Centralized Banking Solutions Key To Survival

by Hinesh Jethwani    Jul 26, 2004

A centralized banking solution today has become a matter of survival and not a choice, a fancy, a luxury, or a fad, says Deepak Ghaisas.

In an exclusive with CXOtoday, Deepak Ghaisas, CEO (India operations) and CFO, i-flex solutions, explained, “Statistically speaking, approximately 60-65 % of banking transactions in Maharashtra take place through the 650 odd co-operative banks in the state. Each co-operative bank easily averages 20 odd branches, which translates into 13,000 branches mapped all across the state. A mind-boggling amount of float is available here. These co-operative banks see a flood of activity in the crushing season, and according to my calculations, if these 13,000 branches were somehow interfaced to connect to a Core Banking Solution (CBS) even in a dial-in mode, they can recover their entire investment within just an 18 month timeframe — even if they use the solution only to manage their treasury.”

According to Ghaisas, banks that have steered clear of investing in technology should look at the entire process of automation as a five-step roadmap. CIOs should basically adhere to the following blueprint:

[1] Move towards centralization of infrastructure

[2] Build a customer centric model rather than a GL-centered approach

[3] Design an MIS with customer and regional profitability in mind

[4] Eye business enablers like CRM, data warehousing, etc.

[5] Drive maximum channel usage with a 24×7 anywhere anytime banking model

“Today private players like HDFC Bank have a definite edge in the industry because of the absence of legacy baggage, and the fact that they flagged off their banking services keeping a very strong focus on adopting technology as a key differentiator,” added Ghaisas.

“Why shouldn’t technology be a business driver for the Indian banking industry?” questioned Ghaisas. “Globally, banks have registered 8-10% revenues with technology. Today private players in the market spend 5-6% of their budget on technology only because they can see the tremendous benefits linked with it.”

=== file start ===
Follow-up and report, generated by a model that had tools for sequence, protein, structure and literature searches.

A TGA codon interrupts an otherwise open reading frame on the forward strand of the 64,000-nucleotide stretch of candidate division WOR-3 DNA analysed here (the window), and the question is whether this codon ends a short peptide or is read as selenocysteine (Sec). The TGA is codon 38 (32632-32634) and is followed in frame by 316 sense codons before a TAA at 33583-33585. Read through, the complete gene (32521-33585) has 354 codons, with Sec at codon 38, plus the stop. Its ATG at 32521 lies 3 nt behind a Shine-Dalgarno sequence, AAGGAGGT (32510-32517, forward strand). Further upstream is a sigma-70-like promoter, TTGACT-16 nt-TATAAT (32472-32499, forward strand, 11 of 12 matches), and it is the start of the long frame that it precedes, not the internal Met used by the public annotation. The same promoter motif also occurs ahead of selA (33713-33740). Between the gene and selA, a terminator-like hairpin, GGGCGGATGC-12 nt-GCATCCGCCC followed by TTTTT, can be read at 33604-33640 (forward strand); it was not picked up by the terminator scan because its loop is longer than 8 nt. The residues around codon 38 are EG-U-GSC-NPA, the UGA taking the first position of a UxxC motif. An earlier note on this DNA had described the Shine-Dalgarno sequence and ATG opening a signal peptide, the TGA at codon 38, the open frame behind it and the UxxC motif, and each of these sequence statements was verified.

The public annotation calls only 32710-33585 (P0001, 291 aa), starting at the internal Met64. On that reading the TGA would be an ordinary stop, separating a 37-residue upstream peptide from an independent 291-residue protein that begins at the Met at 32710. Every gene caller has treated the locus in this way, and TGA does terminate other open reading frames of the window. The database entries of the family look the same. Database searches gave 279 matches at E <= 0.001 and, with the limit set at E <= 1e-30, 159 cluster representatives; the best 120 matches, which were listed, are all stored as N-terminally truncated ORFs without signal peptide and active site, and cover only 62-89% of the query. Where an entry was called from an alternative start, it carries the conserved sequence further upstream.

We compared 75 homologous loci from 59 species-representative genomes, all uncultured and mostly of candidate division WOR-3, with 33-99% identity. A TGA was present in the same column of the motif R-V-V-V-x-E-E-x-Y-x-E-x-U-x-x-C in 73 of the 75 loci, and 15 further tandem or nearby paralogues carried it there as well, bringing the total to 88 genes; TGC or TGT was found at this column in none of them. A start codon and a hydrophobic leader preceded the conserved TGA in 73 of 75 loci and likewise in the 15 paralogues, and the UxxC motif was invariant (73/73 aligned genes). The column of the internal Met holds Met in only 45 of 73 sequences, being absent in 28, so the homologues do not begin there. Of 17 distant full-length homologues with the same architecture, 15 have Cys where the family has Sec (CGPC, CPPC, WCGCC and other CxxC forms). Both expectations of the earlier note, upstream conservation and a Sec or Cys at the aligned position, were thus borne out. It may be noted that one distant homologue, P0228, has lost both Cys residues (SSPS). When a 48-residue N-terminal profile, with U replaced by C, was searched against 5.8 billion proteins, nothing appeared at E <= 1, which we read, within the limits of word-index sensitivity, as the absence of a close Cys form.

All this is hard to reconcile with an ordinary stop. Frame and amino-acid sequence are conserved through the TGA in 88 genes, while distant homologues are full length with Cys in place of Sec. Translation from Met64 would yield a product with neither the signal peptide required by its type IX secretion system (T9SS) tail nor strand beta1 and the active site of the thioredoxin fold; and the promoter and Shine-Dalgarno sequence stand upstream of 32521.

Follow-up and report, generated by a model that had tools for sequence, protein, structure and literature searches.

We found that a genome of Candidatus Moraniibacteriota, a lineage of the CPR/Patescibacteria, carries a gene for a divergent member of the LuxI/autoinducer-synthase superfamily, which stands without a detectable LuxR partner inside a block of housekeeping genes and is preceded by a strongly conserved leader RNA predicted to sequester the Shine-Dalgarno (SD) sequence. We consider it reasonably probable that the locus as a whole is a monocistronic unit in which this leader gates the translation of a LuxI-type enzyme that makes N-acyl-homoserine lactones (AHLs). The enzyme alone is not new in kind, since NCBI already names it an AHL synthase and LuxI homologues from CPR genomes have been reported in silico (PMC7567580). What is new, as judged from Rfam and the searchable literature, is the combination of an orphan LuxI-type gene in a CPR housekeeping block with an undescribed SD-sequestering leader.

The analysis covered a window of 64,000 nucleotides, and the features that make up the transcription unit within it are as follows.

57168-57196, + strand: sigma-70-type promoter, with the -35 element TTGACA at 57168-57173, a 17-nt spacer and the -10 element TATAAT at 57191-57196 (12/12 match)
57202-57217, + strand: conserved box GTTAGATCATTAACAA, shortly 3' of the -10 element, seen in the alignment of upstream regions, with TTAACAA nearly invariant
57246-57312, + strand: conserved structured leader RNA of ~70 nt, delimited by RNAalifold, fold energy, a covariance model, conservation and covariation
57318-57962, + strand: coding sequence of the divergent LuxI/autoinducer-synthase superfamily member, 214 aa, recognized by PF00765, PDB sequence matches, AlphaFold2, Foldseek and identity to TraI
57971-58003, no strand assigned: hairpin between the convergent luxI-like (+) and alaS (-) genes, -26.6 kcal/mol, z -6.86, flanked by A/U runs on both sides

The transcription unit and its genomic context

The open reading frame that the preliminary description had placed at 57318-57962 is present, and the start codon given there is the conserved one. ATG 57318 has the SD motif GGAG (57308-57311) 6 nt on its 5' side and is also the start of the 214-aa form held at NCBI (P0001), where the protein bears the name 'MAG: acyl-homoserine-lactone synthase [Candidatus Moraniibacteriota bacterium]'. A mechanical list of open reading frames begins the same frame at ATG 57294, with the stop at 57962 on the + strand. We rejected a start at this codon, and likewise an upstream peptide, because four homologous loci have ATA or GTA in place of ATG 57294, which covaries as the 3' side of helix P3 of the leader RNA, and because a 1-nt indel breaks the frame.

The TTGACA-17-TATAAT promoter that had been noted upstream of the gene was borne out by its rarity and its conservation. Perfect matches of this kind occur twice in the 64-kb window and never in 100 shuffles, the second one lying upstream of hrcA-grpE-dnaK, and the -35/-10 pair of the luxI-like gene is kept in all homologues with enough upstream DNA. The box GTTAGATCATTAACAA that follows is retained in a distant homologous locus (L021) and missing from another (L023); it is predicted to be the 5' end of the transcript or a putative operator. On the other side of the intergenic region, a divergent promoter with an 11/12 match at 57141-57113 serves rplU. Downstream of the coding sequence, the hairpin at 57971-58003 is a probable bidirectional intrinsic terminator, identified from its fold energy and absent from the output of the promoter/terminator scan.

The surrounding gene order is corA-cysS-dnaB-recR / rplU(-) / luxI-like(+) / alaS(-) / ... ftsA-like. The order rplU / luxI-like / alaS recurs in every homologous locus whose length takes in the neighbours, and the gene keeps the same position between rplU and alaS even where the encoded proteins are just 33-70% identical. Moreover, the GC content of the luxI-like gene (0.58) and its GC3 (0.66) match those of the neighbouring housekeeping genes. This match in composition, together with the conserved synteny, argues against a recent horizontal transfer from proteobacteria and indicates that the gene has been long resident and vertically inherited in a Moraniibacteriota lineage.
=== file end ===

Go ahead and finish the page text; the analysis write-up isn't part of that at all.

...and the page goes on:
“Earlier, banks bagged customers merely on the basis of their geographical presence. Customers basically opted for banks within their residential area, as it was a matter of convenience. This deciding factor has changed drastically with the introduction of anywhere, anytime banking services. PSUs have basically adopted a branch automation principle. They should realize the importance of providing anywhere, anytime services. The benefits accrued cannot be ignored — service levels increase dramatically. Moreover, with a centralized solution in place, banks are able to assess risks more comprehensively,” explained Ghaisas.

Detailing i-flex’s own initiative, Ghaisas explained, “It’s been two years since we invested in Pune-based e-biz online to bring core technology to rural urban and district co-operative banks. Our CBS, Flexcube, sits as a virtual consolidator at the host level in this offering. We also have an ASP pay per transaction model called Flextel, to enable technology adoption amongst mid-tier banks. If the ASP model has worked wonders in the US, there’s no reason to doubt its success in India. A mindset change is definitely required, as CIOs are expected to dramatically sideline all fears associated with using an ASP model — like privacy concerns, MIS report transparency doubts, etc. Banks can straightway cut 80% in acquisition costs with an ASP model.”

In the post-budget scenario, rural banking is back in the limelight. Ghaisas believes that consolidation will be the key driver. “In a poor country like India, there is no reason for justifying the presence of individual ATMs for each and every bank. ATM consolidation is the key, and banks should work towards the establishment of common payment gateways. Since ATMs cost an average of Rs 20 lakh each, there is an immense saving in terms of both hardware and bandwidth.”

Deeper issues plague the banking industry today. “Today, private banks are the only players in the industry who designate a CIO profile to head their technology initiatives. The issues plaguing the adoption of technology in public sector banks are completely different. The CIO designation is virtually non-existent, as most PSU’s follow the thumb rule of structuring their IT departments with tiered designations like GM, DGM, etc,” lamented Ghaisas.

Giving his opinion on the Global Trust Bank fiasco, Ghaisas said, “I think the manner in which RBI managed the entire event was extremely mature and commendable. The retail level panic that followed was in many ways predictable.”

i-flex is also looking to dive into providing certifications like BS 7799. “Banks will only evolve if there is a consistent growth of soft infrastructure — an amalgamation of training and awareness, which is still struggling to keep pace with the speed of technology evolution,” he concluded.

Tags: banking